Located in southeastern California near Palm Springs. Joshua Tree National Park is named for the unique yucca-like Joshua Trees, native to the park.
Joshua Trees are also found in areas of Arizona but the largest populations are located in the National Park where they have been protected since 1994. Part of the beauty of Joshua Tree National Park is the unique hot, dry desert setting blanketed with green, and very much alive, Joshua trees.
The park has two deserts, the Colorado desert (below 3,000 feet), and the Mohave with the Mohave being the higher and cooler of the two.
Outcroppings of large boulders are famous for rock climbing. Many hiking trails weave throughout the park many of which can be accessed from the various campgrounds.
Camping is also a favorite thing to do in the Joshua Tree National Park.
There are nine campgrounds within the park offering access for mostly tent or small RV camping. Some of the campgrounds require reservations while others are first come first served. There are campgrounds with fees and some free camping as well.
Our rig is too big for camping inside the park but while driving through we noticed how super clean and well kept it was. However, if we were smaller we would definitely stay within the park. For large rigs like ours, there is BLM (Bureau of Land Management) dry camping just outside the park.
Remember, BLM camping is not permitted within 300 feet of the roads.
We enjoyed nice weather during our visit but the temperatures were definitely starting to warm up for summer.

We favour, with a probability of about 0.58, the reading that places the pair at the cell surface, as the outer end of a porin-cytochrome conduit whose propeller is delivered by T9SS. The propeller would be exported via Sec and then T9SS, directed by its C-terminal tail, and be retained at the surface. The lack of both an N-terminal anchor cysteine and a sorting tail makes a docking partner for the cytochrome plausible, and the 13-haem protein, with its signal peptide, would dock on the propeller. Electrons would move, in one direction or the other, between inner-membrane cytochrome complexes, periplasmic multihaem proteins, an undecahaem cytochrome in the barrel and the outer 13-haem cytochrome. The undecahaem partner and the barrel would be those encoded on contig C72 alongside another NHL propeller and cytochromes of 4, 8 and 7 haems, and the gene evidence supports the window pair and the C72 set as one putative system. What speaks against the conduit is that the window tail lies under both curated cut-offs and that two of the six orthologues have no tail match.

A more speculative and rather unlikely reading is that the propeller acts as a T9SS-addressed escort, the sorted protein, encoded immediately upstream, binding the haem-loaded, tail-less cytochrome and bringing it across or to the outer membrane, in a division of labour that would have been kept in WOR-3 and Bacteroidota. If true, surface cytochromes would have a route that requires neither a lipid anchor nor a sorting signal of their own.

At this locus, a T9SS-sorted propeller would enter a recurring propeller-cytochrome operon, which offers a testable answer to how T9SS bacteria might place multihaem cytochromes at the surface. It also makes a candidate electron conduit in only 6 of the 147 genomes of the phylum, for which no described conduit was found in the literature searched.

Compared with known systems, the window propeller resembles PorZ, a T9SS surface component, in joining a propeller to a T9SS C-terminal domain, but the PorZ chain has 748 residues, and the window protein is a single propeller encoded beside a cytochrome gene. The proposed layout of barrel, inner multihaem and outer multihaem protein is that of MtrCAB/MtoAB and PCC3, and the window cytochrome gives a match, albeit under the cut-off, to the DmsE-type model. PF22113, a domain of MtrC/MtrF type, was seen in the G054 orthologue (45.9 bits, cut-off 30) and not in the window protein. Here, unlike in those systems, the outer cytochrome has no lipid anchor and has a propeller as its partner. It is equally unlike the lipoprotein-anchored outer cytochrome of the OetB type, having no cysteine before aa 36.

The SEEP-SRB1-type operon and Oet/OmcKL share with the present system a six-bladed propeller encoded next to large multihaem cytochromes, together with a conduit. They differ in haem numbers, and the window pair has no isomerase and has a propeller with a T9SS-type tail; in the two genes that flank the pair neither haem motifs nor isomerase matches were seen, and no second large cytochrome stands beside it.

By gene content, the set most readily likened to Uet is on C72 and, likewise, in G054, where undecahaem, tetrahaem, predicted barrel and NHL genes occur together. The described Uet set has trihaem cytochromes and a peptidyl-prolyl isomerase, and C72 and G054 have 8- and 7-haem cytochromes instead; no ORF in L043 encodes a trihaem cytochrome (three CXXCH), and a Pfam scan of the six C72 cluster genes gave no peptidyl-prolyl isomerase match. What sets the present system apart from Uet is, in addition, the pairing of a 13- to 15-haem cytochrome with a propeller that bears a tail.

While comfortable in the spring and fall, summer temperatures get very hot during the day, over 100 °, but remain cooler at night. If you have ever been to the desert in the summer you know it gets hot!
It was to hot for us to hike any trails and it was only MAY. Since Maggie wasn’t allowed on the hiking trails as dogs are only allowed in parking lots and on sidewalks. Although, I wish dogs could go on more trails in The National Parks.
However, I understand animal safety is the utmost concern. We pretty much stayed in the truck and enjoyed a beautiful drive up to Keys View and the beautiful views of Coachella Valley where you can see the Salton Sea in the distance, the San Andreas Fault, Santa Rosa Mountains, and the city of Palm Springs.
We also visited the Santa Rosa and San Jacinto Mountains National Monument located in southern California. This area includes portions of the Santa Rosa and San Jacinto mountain ranges, mountain backcountry wilderness areas, state parks & trails for hiking. If you really want to enjoy southeastern California I recommend not going in the summer. 🙂